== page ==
How reproductive genetics puts ob/gyns at legal risk

November 1, 2004

Using reproductive and genetic technologies to provide prospective parents with information about a future child or to avoid having a child with a genetic abnormality is an emerging field of medicine-one that has its share of legal risks, according to a report entitled "Reproductive Genetics and the Law."

Using reproductive and genetic technologies to provide prospective parents with information about a future child or to avoid having a child with a genetic abnormality is an emerging field of medicine-one that has its share of legal risks, according to a report entitled "Reproductive Genetics and the Law." Here's an overview of some of the risks ob/gyns may face:

Wrongful birth claims. The report found 26 decisions from state high courts or federal courts that recognize and uphold the ability of a plaintiff to sue for wrongful birth, regardless of the impairment (whether it is genetic or non-genetic). These decisions set precedent for future lawsuits, and generally allow plaintiffs to recover damages for "extraordinary expenses due to the child's affliction." Just six states refuse to recognize this type of action.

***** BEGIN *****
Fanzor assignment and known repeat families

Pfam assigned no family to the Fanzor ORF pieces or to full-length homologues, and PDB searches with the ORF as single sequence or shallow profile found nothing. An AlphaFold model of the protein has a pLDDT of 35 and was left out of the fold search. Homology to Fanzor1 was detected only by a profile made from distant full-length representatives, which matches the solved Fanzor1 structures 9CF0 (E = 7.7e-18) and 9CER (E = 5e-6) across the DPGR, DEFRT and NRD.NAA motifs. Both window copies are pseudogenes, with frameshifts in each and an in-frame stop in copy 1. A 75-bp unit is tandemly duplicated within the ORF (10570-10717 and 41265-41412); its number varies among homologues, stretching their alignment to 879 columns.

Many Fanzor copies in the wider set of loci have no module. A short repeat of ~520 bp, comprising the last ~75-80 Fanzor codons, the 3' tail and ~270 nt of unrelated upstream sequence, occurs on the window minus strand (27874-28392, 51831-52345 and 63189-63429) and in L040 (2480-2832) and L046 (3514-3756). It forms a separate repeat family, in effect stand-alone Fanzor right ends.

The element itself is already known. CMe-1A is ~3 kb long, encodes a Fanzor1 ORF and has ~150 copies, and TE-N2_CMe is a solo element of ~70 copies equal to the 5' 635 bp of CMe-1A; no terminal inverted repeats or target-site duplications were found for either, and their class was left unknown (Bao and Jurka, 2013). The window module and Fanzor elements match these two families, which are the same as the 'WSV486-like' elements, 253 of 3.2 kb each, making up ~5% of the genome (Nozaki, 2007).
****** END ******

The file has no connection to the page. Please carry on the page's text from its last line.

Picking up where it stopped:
Wrongful life claims. The report found only four decisions from state high courts or federal courts that recognize wrongful life claims. These claims generally allow plaintiffs to recover damages related to the treatment of the patient's ailment. The vast majority of states with state or federal court decisions on this issue (25) refused to recognize this type of action.

Failure to warn. Failure to provide accurate genetic information to patients or family members has been the cause of lawsuits against physicians as well. In these cases, courts look to see if a duty has been established between the physician and the patient or family member. These cases also raise additional legal questions, including how a physician should meet the duty to warn and "how to balance that duty with a duty of confidentiality to the patient." Because there is limited case law on this subject and state laws vary, the answers to these questions are yet to be determined.

The full report, written by Susan L. Crockin, Esq., is available from the Washington, D.C.-based Genetics & Public Policy Center Web site at http://www.dnapolicy.org/policy/legalART.jhtml.